Episode 49 - Loren Rhoads | File Type: audio/mpeg | Duration: 50:14

"My life changed when I read Dracula at age 10 and then again when I saw Star Wars at 13. Telling true stories came much later, but to me, it’s all interconnected.  My latest book, Tales for the Camp Fire: A Charity Anthology Benefiting Wildfire Relief, came out in May 2019. Northern California’s horror writers came together to raise money for survivors of last year’s devastating wildfire. Contributors include Nancy Etchemendy, Dana Fredsti, Ross Lockwood, Erika Mailman, Gene O’Neill, and more. It was my honor to serve as editor for the project. 199 Cemeteries to See Before You Die guidebook to cemeteries around the world, came out in a gloriously illustrated full-color hardcover from Black Dog & Leventhal Books in October 2017. The UK edition was published in paperback by Sphere Books. Part cemetery history, part travel memoir Wish You Were Here: Adventures in Cemetery Travel collects my essays from Gothic.Net, Morbid Outlook, Eleven Eleven, and Morbid Curiosity magazine, alongside pieces written specifically for the book. The revised second edition was published by Automatism Press in July 2017.  My space opera trilogy In The Wake of the Templars — The Dangerous Type, Kill By Numbers, and No More Heroes — were published by Night Shade Books in 2015. Publishers Weekly said the trilogy brought grimdark to space opera.  Lost Angels, the first book in the As Above, So Below series, is the story of the succubus Lorelei, who pursues the angel Azaziel, only to find herself possessed by a mortal girl’s ghost. That first novel, co-written with Brian Thomas, was originally published by Black Bed Sheet Books under the title As Above, So Below. A revised second edition came out in April 2016 as Lost Angels, published by Automatism Press. A sequel called Angelus Rose is in the works.  Between 1996 and 2006, I edited the cult nonfiction magazine Morbid Curiosity. I still believe curiosity is a radical, transformative trait. Morbid Curiosity Cures the Blues: True Stories of the Unsavory, Unwise, Unorthodox, and Unusual a collection of some of my favorite essays drawn from the magazine was published by Scribner in 2009.  My travel essays have appeared on Mental Floss, The Daily Beast, GothicBeauty.com, as well as darkening the pages of Search magazine, two Traveler’s Tales books, and the anthology Pills, Thrills, Chills, and Heartache: Adventures in the First Person (edited by Clint Catalyst and Michelle Tea). I explore graveyards as travel destinations regularly at CemeteryTravel dot com.  My short fiction has been anthologized in Best New Horror #27, Strange California, The Haunted Mansion Project: Year One, Sins of the Sirens: 14 Tales of Dark Desire, and nEvermore!: Tales of Murder, Mystery, and the Macabre.  My stories have appeared most recently in the magazines Occult Detective Quarterly, Space & Time, and Weirdbook.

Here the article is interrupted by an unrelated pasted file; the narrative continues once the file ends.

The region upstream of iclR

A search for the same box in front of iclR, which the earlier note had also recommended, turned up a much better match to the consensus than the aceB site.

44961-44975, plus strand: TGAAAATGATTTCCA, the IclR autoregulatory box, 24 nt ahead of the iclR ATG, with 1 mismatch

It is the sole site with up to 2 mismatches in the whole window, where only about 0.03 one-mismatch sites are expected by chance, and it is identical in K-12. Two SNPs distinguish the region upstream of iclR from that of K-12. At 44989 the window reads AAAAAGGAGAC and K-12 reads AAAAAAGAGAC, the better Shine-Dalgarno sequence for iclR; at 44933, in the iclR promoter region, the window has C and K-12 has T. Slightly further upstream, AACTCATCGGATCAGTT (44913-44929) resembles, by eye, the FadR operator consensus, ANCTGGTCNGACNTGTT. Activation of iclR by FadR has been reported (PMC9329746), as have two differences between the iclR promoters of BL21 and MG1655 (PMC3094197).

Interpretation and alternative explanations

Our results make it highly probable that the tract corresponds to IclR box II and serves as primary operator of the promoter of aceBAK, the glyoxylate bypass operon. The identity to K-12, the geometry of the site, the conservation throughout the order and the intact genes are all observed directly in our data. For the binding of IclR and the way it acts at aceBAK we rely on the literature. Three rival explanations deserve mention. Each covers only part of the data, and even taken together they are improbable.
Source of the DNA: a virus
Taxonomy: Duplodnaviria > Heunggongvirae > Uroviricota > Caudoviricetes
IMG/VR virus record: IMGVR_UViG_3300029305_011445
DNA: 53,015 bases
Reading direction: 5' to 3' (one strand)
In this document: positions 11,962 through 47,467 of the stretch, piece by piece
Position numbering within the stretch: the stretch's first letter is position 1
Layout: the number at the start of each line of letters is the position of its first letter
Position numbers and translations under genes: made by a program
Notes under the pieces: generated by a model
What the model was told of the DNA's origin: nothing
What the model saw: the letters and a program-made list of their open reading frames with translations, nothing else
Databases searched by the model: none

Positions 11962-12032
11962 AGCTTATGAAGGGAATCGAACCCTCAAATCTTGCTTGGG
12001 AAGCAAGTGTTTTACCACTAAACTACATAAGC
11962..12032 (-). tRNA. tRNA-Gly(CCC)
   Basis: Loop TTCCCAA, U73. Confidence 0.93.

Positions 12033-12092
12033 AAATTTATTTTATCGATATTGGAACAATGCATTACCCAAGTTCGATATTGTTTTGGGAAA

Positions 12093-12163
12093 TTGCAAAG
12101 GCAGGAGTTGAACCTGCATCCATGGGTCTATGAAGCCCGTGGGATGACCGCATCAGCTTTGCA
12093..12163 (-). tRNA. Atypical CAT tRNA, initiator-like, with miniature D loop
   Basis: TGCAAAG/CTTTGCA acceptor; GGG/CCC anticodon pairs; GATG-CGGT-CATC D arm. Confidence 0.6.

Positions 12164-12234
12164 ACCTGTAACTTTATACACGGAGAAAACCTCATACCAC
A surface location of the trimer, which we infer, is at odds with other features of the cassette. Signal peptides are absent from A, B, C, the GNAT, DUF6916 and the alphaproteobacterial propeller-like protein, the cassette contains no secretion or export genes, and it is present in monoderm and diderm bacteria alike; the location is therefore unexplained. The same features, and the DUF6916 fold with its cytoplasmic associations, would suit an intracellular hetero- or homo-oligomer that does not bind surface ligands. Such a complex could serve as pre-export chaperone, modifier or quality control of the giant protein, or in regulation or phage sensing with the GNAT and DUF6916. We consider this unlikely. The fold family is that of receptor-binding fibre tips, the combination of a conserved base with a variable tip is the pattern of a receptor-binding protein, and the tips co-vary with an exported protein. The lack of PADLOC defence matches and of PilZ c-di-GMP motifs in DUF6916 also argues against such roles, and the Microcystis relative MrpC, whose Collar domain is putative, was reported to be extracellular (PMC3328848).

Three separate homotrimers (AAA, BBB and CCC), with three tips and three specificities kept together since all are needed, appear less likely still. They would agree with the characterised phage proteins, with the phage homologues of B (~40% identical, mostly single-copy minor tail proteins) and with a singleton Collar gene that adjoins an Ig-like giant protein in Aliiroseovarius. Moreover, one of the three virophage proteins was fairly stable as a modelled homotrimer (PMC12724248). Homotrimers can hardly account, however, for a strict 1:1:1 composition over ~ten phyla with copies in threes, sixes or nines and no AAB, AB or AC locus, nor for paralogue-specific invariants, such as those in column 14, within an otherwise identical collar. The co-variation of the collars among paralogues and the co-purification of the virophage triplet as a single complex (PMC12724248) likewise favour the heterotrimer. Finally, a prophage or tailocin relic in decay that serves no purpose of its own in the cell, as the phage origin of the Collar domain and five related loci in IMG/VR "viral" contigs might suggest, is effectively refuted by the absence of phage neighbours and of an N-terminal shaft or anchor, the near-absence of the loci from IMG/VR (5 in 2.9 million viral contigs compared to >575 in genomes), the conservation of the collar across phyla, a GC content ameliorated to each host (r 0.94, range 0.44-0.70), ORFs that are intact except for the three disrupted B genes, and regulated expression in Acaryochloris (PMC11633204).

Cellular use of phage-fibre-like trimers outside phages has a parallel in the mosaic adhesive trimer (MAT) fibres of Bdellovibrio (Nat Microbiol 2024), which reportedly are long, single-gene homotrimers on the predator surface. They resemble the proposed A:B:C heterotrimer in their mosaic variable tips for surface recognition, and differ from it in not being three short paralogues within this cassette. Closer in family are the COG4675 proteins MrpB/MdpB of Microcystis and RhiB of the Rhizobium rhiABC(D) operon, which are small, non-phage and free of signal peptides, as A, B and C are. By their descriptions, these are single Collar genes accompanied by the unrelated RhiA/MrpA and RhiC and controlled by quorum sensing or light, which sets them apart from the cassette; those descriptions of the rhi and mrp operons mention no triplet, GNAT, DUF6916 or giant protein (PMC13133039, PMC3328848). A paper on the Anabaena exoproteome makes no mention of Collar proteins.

Episode 48 - HAWKINS | File Type: audio/mpeg | Duration: 01:01:34

HAWKINS balances energetic Rock and Roll mixed with infectious hooky Pop sophistication. The band embraces an ever-more genre-bending Pop Rock aesthetic as they continue to captivate their audience with musical virtuosity in a manner that is reminiscent of their Rock and Roll predecessors. They have performed on countless major stages across the East Coast. Notable performances include Mohegan Sun Casino, The Bitter End, Foxwoods Casino, and The Pleasantville New York Music Festival. In Pleasantville, they shared the stage with illustrious acts such as  Blues Traveler, Suzanne Vega, and Living Colour. Within only their first year of establishing themselves, they have gained an astonishing number of followers. Their talent has been praised by music legends like Eddie Money, Noel E. Monk (former manager of The Sex Pistols and Van Halen), and Michael Caplan (former VP of Sony Music).  Their debut single "Lights Off" has been written and produced by the band themselves and mastered by the two-time Grammy award winner industry giant, Nathan Dantzler. The single is available now.

 Episode 47 - Olivia MacDonald | File Type: audio/mpeg | Duration: 26:50